So, last Friday, October 4th, the doctor delivered the news I never wanted to hear, “You are a diabetic.” The choices I have made over my lifetime have resulted in me weighing 300 pounds, using a C-Pap machine for sleeping due to sleep apnea, using an inhaler for asthma, and taking medication for depression, migraines, acid reflux, high cholesterol, under active thyroid, and high blood pressure. The diabetes designation sent me over the edge. The first thing I did was to go to the American Diabetes Association website and cut off all sugars (i.e. in my mind – candy, cookies, cakes, ice cream, etc.) immediately. I sent a text to a friend to tell her about the diabetes, and she told me about Wheat Belly. I found this blog and began reading. On Saturday, I wiped out all wheat from my diet along with the other items mentioned under eliminate. I began eating a whole lot more vegetables, eggs, chicken, salmon, and cheese. So far, I have discovered the following things that have eliminated themselves on their own (in just 4 short days):

    -Pounds – I have lost 6.5 already :)
    – Mid-morning sleepiness and hunger – make it all the way until lunch before being hungry
    -Late afternoon sleepiness – no longer running out of energy
    -Swollen feet and ankles – I was shocked by how often this was happening to me – not now
    -Swollen hands and fingers – I just realized this a few hours ago – my wedding ring actually moves on and off of my ring finger with ease

    I know that this is the just the beginning of this journey of getting healthy, but right now, I’m totally convinced that this is a lifestyle change that will benefit me for the rest of my life! Plus, I can’t wait for my husband to see me as his healthy, skinnier, smokin’ hot wife!!!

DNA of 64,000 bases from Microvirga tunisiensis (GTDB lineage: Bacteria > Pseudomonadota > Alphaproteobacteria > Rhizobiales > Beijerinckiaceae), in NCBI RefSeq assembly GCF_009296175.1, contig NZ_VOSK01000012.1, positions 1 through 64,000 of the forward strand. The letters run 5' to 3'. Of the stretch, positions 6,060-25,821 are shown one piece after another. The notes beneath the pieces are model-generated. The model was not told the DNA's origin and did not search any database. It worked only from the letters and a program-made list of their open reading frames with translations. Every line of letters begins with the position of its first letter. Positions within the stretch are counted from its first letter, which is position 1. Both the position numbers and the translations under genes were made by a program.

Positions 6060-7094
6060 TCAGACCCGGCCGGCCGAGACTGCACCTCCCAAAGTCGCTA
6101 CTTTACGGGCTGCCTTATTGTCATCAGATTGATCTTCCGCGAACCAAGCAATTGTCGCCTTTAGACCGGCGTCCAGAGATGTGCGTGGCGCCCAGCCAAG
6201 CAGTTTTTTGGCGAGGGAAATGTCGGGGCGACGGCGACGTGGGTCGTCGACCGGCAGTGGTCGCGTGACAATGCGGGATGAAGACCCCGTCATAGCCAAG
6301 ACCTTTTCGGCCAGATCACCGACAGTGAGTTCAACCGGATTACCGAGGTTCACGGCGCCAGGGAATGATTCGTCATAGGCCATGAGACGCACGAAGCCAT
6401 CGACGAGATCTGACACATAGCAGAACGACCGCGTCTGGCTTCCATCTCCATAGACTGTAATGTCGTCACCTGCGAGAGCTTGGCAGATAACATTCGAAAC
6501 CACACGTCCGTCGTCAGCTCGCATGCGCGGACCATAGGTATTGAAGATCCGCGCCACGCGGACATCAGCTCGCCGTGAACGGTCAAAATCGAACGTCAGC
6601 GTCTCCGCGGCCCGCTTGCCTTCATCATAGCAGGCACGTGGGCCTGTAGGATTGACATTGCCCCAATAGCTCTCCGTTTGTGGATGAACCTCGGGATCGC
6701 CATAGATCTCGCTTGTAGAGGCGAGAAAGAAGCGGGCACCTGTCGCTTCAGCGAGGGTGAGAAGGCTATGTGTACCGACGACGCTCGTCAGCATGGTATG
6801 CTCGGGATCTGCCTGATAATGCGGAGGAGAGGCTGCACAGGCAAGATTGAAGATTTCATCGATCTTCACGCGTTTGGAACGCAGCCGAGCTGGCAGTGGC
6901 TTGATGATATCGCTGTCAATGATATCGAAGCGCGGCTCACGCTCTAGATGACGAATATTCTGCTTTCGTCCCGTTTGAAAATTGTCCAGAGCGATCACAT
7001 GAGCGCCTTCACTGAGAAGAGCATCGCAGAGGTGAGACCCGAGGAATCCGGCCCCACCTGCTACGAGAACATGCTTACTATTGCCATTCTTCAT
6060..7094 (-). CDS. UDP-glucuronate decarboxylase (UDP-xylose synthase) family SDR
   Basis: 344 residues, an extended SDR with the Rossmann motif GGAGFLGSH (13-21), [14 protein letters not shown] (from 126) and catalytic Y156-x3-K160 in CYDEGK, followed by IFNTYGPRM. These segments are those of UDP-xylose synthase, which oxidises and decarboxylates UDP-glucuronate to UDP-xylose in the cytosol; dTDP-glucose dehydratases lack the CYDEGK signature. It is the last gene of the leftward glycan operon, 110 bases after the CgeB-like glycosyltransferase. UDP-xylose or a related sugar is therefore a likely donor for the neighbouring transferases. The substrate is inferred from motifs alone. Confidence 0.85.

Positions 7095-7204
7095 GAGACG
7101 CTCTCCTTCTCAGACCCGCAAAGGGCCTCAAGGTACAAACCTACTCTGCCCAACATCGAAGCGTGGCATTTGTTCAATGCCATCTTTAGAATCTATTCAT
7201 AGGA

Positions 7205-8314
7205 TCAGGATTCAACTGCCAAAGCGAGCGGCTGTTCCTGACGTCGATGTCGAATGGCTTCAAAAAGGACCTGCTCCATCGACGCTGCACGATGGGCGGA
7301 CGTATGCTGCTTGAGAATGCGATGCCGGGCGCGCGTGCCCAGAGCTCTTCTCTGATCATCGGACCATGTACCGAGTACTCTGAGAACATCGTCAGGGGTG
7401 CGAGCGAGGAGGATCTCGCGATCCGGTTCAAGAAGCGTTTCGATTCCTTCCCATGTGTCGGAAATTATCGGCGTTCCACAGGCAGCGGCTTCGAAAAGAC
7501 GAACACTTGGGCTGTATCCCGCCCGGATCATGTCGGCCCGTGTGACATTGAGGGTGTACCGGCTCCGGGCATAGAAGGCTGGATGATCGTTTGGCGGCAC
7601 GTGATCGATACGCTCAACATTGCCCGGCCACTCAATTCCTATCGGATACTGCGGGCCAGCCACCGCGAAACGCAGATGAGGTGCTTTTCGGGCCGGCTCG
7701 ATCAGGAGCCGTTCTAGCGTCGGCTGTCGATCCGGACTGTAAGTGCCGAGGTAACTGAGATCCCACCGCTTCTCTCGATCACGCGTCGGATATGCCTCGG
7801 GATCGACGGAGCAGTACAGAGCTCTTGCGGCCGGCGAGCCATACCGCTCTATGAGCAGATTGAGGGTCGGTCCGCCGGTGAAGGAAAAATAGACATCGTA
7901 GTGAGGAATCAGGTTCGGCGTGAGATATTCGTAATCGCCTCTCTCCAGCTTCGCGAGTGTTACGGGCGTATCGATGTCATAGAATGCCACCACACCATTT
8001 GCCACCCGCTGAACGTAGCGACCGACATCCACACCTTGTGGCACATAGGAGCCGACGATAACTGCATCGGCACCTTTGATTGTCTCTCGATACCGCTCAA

• Barbara in New Jersey

      Good for you Missy! It only gets better from here. You certainly are not alone. Read through this blog and you will be amazed at the improvements in health issues a grain and sugar free diet brings. It is not the answer for cure for everything, but it sure helps you to feel better and usually the severity of various conditions improve.

      My suggestion is to keep an informal diary of what you ate, how you feel, any numbers you wish to record such as size, weight, bp, bs, etc. Also keep track of the $ you now spend on food, meds etc.
      This will change dramatically the longer you follow WB way of eating. You are beginning to understand what all the fuss is about!

    • > The first thing I did was to go to the American Diabetes Association website –

      And if you haven’t figured it out by now, you never need to go there again, other than to confirm that:

      * They do not tell you that T2D is a completely optional ailment, that is an entirely predictable metabolic response to the full-time moderate to high glycemic diet, nor that it is fully reversible with diet at the metabolic syndrome and pre-diabetes stages, and usually reversible after that, depending on the state of irreversible side effects (but controllable by diet at any point where you are still producing any insulin).

      * They conveniently confound T1D and T2D when it suits them, and do not tell you that T1D is usually controllable with diet (keto) and no drugs.

      * Their dietary recommendations cause and sustain diabetes (as well as heart disease). They advocate “whole grains”, which are a health disaster.

      * A significant percentage of the ADA board has ties to big pharma (including the chair).

      • Neicee